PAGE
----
What I Believe

What I believe…

In the beginning, Our God created life.  As part of his creation, we were created to be in communion with God and one another.  Because God loved us, he did not force us to reciprocate his love.  We chose to reject the love and communion which God gave to us in exchange for our own self-serving wills, called sin.  As a result, our sin has destroyed the relationship we were created to have – communion with God and one another.  But God, in his rich grace, mercy, and love, still pursued a relationship with us.  God began this pursuit by redeeming the people of Israel from which God himself would come from, in the flesh, as the Son, Jesus the Messiah.  In Jesus, God has sought to restore the communion that our sin destroyed by removing the sin through the death of Jesus on the cross.  Though buried among the dead, God raised Jesus from death assuring the world that in Jesus the Messiah was true life, eternal life that could never be destroyed again.  

By faith we accepted God’s gift of redemption, repented of our sins and surrendered our life in the waters of baptism to Jesus who is our Lord and Savior.  In turn, God has made us his people, the church, along with everyone else who follows Jesus as Lord and Savior.  We are the church where communion with God and one another is a reality – the new reality – once again.  God has left us his Spirit as both a promise of our salvation and the source of God’s power in us as we live out this new reality.  We wait for the day when Jesus will come again as he promised.  In the meantime, because we belong to a new reality and life, we live out this story as a proclamation to the world that in Jesus the Messiah, God is victorious over all sin, darkness, and death.

This is what I believe.  It is the story that I believe scripture to be telling, the story that’s been passed down throughout Christian history.  It is the story I am trying to be a part of, to participate in and lead others to participate in as well.

No, this is not a creed or confession and I would never want it to be either.  Could I be wrong?  Sure, just as much as anyone.

So I continue to be a student of scripture, continue to listen to the voices of Christianity’s past and present in hopes that God will use me to pass on what has been passed on to me.

This is what I believe!

10 responses to “What I Believe

  1. Love you Rex! While this isn’t something I’ve studied over with a fine tooth comb for me to say I completely agree & believe, I admire your stand and search for truth! may you be blessed thru this journey! Do not be discouraged by those who try to make you fall. Be encouraged by the attemp to further your journey!

    • Lanai,

      Thank you. I am encouraged…always, as I know that my life is hidden with Christ in God (cf. Col 3.3). Say hello to your family and Arkansas (a place I will always be fond of and miss).

  2. It’s not a creed if you call it an “Affirmation”! I think I once encouraged all my readers to write one years ago (http://oneaffirmation.blogspot.com/) and yours is outstanding.

  3. Hi Rex, thanks for sharing. For much of my adult life I would have told the Story just the way you did, and my telling of it is still very close with a small adumbration. Sin separated us from God and introduced death, and it is the fear of death that fires the passions that lead us to sin; so that Christ’s death on the cross is the sacrfice that takes away our sin , and His resurrection, while it is an affirmation that Christ is true Life, deals with the issue of the problem of death as it elicits the fear of death and then the passions that produce sin. So more than a sacrifice that propitiates sin, His resurrection deals in an ontological way with the sin problem, for when we are united to his resurrection, we are progressively delivered from the fear of death that fires the passions and makes us sin. We hymonidize it this way at Pascha “Christ is risen from the dead trampling down death by death and upon those in the tombs bestowing life.”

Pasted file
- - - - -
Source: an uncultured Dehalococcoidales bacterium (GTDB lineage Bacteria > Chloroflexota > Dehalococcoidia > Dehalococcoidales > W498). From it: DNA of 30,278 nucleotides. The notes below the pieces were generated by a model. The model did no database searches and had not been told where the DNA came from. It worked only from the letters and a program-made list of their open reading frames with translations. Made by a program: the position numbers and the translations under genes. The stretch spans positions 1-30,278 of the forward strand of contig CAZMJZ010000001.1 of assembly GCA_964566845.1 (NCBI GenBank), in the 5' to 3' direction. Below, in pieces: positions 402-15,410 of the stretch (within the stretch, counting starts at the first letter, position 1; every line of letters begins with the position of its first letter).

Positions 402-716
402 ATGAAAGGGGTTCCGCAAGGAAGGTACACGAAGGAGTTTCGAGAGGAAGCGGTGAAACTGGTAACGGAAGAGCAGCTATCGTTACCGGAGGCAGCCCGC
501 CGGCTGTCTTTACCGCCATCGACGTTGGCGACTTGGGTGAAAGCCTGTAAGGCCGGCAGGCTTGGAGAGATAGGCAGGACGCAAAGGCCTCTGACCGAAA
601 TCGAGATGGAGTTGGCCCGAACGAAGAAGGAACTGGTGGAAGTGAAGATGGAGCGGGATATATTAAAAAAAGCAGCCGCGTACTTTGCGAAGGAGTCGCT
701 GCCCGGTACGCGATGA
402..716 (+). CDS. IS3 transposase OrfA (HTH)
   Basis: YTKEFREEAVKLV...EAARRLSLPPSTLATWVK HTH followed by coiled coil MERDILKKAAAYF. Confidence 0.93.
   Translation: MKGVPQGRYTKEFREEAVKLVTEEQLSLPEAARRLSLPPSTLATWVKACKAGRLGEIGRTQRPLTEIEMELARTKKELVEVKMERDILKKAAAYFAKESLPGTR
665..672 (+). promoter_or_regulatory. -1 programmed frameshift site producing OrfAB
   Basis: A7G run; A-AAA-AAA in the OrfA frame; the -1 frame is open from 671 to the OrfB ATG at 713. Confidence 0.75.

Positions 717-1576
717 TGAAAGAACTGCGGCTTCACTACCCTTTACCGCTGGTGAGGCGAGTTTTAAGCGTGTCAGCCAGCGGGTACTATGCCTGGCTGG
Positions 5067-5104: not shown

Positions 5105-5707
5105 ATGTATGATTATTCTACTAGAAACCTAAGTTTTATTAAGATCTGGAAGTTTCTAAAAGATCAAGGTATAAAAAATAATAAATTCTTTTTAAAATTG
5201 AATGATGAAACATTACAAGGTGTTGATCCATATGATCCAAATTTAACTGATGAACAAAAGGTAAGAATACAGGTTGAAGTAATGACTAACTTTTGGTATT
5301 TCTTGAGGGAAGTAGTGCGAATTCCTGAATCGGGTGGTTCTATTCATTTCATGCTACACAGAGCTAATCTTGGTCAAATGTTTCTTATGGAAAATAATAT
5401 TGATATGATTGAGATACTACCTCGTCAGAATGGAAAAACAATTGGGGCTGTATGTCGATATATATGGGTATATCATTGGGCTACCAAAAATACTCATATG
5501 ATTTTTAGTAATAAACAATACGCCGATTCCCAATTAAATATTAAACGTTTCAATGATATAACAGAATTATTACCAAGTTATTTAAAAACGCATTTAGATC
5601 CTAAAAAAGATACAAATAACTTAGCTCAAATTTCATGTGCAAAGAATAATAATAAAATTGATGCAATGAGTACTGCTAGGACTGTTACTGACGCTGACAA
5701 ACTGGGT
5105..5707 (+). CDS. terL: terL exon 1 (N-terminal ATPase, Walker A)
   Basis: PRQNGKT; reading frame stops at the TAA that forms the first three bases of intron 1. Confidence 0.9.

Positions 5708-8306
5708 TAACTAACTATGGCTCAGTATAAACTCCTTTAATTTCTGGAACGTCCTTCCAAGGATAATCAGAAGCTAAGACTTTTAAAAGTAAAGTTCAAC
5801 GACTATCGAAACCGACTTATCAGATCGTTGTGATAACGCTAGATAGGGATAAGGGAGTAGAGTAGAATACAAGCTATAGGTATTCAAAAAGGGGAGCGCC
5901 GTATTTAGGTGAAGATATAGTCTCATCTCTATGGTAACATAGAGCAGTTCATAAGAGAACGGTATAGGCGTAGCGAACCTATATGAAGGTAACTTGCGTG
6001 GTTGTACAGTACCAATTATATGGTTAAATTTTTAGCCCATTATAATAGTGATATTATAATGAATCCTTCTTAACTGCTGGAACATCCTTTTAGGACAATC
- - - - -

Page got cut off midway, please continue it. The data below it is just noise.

• You know, as I read over the affirmation I started thinking about how well does it speak about atonement and about our transformation into the image of Christ. These are things to think about…

  4. I wrote about what I believe last year (http://adisciplesthoughts.blogspot.com/2010/06/truth-in-blogging.html). It’s pretty similar to your statement. Nice job.

  5. Can you explain: What makes or doesn’t make a statement about what one believes a “creed” or “confession”?

    • Jennifer,

      I am sorry for taking so long to answer your question. I have been out of town for the past few days.

      Any ways, as a I understand, creeds and/or confessions have historically been used not only to affirm how a person or group of Christians believe but have also been used as rule or measurement by which to judge others as to whether one is a ‘true’ Christian or a heretic, false teacher, etc…

      I don’t want to use my statement in such fashion. It is simply intended to be an affirmation of what I believe is the core of the Christian faith. For example, to the critical reader it will be apparent that I believe in free-will (Arminianism) which puts me theologically at a difference with those who believe that God’s sovereignty allows for no human free-will (e.g., Reformed/Calvinism). However, even though I believe that the biblical witness affirms human free-will, I would not judge against those who believe otherwise on such an issue.

      I hope that helps explain things a bit more. Thanks for stopping by the blog.

      Grace and Peace,


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